Russian warplanes bomb Turkish-Syrian border town: residents

AMMAN (Reuters) - Residents said on Thursday that Russian warplanes bombed a rebel-held Syrian town along the Turkish border a day after hitting a truck depot near a crossing between the two countries.

One resident said the air strikes hit a busy main square in the town of Saraqeb in Idlib province, where hundreds of vehicles brought in through the nearby Bab al Hawa border crossing were being sold.

A second resident who was nearby and witnessed the bombing said several wounded people had been taken to hospital. Hundreds of drivers had raced away from the scene immediately afterwards in the vehicles they had hoped to sell, he said.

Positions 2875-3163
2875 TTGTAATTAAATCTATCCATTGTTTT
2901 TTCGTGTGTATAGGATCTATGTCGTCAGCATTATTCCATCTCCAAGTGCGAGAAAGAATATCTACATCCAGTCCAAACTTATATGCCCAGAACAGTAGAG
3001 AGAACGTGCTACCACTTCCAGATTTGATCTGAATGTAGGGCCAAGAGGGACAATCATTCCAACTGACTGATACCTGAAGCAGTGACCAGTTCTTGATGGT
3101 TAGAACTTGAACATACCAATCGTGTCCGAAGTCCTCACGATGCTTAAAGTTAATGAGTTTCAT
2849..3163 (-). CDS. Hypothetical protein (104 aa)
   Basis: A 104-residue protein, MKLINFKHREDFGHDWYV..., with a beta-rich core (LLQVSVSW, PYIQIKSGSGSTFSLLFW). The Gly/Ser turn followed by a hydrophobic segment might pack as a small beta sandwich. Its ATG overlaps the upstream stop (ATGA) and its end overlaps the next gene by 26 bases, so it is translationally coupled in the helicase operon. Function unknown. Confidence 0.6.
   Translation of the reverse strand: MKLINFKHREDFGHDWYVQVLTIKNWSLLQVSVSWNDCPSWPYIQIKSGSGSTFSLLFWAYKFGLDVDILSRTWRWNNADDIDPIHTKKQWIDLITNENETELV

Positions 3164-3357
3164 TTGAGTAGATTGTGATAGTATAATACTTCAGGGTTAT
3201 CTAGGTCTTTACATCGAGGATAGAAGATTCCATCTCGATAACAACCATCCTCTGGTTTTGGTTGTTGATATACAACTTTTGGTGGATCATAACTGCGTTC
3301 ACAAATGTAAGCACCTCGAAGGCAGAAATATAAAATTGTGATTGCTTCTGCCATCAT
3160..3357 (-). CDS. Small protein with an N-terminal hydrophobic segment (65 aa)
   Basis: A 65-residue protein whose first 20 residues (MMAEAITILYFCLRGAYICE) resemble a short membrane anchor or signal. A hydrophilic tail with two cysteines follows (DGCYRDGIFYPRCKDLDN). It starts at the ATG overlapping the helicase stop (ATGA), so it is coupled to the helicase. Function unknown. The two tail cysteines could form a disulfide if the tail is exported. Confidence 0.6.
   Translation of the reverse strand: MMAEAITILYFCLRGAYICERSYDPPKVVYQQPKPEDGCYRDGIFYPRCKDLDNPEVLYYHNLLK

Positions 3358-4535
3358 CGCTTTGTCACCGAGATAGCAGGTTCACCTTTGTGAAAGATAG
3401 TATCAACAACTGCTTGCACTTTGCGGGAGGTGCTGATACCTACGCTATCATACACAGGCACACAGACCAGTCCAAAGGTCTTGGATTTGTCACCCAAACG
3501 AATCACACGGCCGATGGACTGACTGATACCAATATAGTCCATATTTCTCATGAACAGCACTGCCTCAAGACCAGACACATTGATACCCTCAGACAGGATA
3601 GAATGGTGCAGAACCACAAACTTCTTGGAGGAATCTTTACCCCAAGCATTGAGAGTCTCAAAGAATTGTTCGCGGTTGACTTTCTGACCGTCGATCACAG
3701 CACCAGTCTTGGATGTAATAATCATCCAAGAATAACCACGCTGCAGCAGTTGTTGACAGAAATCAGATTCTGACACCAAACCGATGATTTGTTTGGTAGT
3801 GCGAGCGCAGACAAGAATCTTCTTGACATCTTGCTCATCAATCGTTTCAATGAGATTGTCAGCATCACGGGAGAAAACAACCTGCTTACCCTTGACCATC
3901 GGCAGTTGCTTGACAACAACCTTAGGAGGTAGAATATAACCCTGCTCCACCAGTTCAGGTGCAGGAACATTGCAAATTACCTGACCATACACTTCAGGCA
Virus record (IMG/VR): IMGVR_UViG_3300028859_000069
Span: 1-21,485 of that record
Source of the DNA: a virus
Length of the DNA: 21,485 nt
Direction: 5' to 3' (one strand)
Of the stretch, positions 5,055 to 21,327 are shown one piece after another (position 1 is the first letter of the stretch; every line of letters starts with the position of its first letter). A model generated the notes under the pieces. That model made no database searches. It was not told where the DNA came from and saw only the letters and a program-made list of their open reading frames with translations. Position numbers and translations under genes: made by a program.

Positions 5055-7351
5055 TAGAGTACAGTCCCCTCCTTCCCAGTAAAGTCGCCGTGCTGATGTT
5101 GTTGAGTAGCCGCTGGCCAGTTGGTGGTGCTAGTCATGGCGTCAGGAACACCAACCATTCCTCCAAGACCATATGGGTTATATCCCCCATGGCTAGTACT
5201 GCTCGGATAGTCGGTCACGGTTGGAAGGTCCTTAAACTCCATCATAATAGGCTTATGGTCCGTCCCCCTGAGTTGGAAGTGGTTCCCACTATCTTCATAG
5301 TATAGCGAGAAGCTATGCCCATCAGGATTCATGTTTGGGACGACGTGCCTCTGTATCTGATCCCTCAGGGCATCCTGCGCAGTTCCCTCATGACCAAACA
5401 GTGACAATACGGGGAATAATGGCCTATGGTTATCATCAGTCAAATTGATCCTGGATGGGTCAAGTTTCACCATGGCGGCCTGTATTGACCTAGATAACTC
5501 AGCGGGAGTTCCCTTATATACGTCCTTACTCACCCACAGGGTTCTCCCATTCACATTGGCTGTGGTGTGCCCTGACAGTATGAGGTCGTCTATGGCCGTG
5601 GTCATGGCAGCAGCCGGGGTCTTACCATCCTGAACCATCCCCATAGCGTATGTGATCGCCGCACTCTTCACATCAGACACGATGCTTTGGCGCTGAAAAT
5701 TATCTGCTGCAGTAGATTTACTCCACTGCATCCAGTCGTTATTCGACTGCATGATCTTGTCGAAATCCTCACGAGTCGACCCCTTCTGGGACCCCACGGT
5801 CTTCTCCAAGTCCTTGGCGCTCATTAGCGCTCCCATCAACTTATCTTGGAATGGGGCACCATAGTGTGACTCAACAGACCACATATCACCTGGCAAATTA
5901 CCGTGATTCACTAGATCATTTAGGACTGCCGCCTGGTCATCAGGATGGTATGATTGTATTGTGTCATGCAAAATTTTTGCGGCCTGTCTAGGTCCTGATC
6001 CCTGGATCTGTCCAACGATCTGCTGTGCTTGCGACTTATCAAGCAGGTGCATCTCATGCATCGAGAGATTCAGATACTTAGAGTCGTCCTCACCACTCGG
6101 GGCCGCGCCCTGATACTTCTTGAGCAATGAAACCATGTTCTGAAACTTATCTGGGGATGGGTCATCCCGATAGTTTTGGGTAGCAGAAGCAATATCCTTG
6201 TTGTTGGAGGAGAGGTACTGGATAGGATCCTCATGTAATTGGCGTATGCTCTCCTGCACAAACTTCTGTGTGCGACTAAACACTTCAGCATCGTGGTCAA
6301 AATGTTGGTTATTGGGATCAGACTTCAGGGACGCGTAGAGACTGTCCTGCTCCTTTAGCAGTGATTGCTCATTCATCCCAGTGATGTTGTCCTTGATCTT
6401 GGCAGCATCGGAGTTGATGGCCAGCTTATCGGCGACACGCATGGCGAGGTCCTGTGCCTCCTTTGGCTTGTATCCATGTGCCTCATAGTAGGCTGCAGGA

Residents and rebels in the area say it is easy to identify planes from factors including the altitude at which they fly and the number of planes in the sorties.

The car market in Saraqeb is the biggest in the province and the town is also Idlib’s main commercial hub.

Jets, believed to be Russian, hit a depot for trucks waiting to go through a major rebel-controlled border crossing, Bab al-Salam, on Wednesday, the head of the crossing said.

Syrian jets have struck that area before but, if confirmed to have been carried out by Russia, it would be one of Moscow’s closest air strikes to Turkish territory, targeting a humanitarian corridor into rebel-held Syria and an important transit point for Syrian civilians crossing to Turkey.

Turkey shot down a Russian jet, which it said entered its air space, on Tuesday. Russia said the plane had not left Syrian air space.

Reporting by Suleiman Al-Khalidi; Editing by Louise Ireland